Sporting the fifth-best record in the NBA and under pressure to win their first-ever championship, it’s probably safe to assume that the last thing on the minds of Los Angeles Clippers players and coaches is the upcoming free agency market. But, like it or not, L.A. will almost certainly be heavily involved in the free agency shenanigans coming up this offseason, though more as protectors than prospectors.
According to Bleacher Report’s Greg Swartz, who did a roundup of potential free agency goals for every team, first and foremost the Clippers will be looking to retain two of their most-valued assets: Kawhi Leonard and Serge Ibaka.
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Leonard promises to be the crowning jewel of a market that has already been watered down with the signing of several top names to extensions (e.g., LeBron James, Giannis Antetokounmpo and Damian Lillard). And Ibaka, who has been out of commission with back spasms since mid-March, is a premier rim protector and a legitimate threat from behind the arc when healthy.
Both Leonard and Ibaka have player options for 2021-22, but both are almost undoubtedly not going to exercise the option, meaning they will become unrestricted free agents this offseason with plenty of teams chomping at the bit.
Smart Money Says Leonard and Ibaka Will Stay
Fortunately for the Clippers, according to Swartz and other sources around the league, Leonard is expected to stay with the Clippers even if they don’t go all the way this year. Though Swartz did caveat that expectation in the event of a first-round playoff exit this season, saying it could “leave a little doubt.”
But even if the Clippers are sent packing early, few teams have the cap space to accommodate Leonard’s expensive price tag, not to mention the L.A. native left Toronto — after leading the Raptors to a title in 2019 — in large part to play in his hometown, and he has consistently expressed a desire to stay close to friends and family. Furthermore, Clippers teammate Paul George has already signed an extension, meaning Leonard will be assured of a top-tier running mate for years to come.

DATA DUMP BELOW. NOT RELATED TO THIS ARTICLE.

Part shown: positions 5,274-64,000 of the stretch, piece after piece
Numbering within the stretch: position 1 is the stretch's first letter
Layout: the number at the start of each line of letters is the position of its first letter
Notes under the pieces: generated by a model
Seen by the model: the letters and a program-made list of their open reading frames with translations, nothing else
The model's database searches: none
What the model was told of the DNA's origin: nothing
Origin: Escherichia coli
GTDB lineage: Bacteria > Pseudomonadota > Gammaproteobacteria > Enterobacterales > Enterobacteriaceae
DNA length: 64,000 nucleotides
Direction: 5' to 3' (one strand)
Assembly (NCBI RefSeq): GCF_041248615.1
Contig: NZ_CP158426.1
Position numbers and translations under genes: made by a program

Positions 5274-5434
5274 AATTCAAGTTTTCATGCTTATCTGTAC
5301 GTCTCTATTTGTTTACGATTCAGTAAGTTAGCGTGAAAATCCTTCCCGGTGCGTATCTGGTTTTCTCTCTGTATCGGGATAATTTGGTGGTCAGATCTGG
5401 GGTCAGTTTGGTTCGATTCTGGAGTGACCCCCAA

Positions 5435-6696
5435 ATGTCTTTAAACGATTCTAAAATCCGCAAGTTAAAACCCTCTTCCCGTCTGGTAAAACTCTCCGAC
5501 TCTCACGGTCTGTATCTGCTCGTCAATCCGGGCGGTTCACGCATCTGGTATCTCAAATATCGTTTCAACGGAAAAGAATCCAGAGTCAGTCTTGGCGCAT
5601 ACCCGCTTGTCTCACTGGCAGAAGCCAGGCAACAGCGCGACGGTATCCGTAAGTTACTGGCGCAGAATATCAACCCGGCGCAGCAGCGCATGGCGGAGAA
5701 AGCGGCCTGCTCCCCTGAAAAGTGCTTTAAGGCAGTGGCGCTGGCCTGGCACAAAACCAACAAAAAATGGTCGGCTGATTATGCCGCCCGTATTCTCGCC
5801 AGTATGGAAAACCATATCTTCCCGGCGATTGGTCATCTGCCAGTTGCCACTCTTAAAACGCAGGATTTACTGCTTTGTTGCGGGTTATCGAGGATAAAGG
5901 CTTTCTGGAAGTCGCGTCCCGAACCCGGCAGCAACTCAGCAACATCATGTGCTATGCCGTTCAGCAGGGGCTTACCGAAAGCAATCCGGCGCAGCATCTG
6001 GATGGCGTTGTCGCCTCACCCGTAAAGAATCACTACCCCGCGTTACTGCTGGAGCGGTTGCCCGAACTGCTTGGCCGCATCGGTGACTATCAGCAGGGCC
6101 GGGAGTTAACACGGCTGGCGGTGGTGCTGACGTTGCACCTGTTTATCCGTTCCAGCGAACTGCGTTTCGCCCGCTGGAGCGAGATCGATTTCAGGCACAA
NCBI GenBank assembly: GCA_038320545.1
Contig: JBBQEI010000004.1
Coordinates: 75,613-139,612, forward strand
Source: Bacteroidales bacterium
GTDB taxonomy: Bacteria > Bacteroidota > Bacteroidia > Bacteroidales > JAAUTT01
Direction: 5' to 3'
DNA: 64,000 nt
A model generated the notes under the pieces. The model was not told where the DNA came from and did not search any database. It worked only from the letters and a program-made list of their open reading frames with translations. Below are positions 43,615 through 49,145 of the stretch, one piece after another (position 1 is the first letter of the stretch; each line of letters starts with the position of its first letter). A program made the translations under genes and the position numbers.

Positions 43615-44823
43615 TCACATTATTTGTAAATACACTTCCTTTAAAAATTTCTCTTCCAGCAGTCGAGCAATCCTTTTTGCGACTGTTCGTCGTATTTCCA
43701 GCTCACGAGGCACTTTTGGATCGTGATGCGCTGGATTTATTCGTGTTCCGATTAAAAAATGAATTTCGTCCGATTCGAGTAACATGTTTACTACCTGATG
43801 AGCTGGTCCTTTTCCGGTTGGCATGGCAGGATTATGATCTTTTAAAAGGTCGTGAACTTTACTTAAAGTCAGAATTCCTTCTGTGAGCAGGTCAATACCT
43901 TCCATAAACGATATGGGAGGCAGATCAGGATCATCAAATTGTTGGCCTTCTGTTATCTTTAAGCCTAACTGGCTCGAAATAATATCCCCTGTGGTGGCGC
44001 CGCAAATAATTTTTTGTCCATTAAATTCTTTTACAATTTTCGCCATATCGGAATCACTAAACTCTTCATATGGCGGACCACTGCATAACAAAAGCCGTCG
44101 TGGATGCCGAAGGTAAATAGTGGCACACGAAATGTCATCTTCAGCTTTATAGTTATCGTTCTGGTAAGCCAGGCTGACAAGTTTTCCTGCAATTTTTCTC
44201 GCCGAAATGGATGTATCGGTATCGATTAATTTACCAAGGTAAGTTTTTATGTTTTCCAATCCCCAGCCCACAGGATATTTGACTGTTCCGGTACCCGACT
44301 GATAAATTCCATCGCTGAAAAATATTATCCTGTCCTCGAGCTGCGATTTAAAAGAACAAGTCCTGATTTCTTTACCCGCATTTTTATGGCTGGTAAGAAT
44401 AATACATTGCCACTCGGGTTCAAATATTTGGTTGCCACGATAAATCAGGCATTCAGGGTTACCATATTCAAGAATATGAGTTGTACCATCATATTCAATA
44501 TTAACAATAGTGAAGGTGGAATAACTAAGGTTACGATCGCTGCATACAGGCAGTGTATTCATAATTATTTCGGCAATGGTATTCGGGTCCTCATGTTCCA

If, however, Leonard is pried away, Swartz pegs the New York Knicks as the “dark horse” to land him. Mostly because they are one of the few teams with the requisite cap space, but also because they’ve assembled a nice cast of characters, led by Julius Randle and RJ Barnett, who could potentially scratch Leonard’s title itch.
Swartz doesn’t give a prediction on Ibaka, except to say that he will “likely look for a raise above his $9.7 million player option” and that he expects Ibaka to show up on the Washington Wizards’ radar.
Before being sidelined, Ibaka was averaging 10.9 points, 6.7 rebounds, and 1.2 blocks while shooting 35.2% from three this season.
Ibaka signing with Washington seems unlikely though, despite the presence of former Oklahoma City teammate Russell Westbrook. At this stage in his career, Ibaka wants to play for a contender, which the Wizards, even with Westbrook and Bradley Beal (who also signed an extension), aren’t expected to be next season. Of course, that could change dramatically if Washington landed Ibaka, but even so, his best chance at another ring is with L.A.
It also doesn’t hurt that Ibaka and Leonard are good friends from their time together in Toronto, though that could end up working against the Clippers in the unlikely event that Leonard leaves.
Otto is an Option
In his roundup, Swartz also speculates that the Clippers might be tempted to go after veteran swingman Otto Porter, particularly if they lose Nicolas Batum to free agency.
Drafted third overall by the Wizards in 2013, much for his defensive prowess, the 6-foot-8 Porter can still check multiple positions but has also developed into a serviceable three-point shooter.
Before being traded this season by the Chicago Bulls to the Orlando Magic in a March deadline deal, Porter was shooting 40% from three — in line with his career average of 40.2%.
Porter would fit nicely as a defensive presence with the Clippers’ second unit, but his history of injuries could be a dealbreaker. Last season with the Bulls, Porter struggled with foot and lower back issues that kept him out for all but 14 games. And in 2018-19, after he was traded midseason from Washington to Chicago, Porter suffered a shoulder injury that ended his season after only 56 games.
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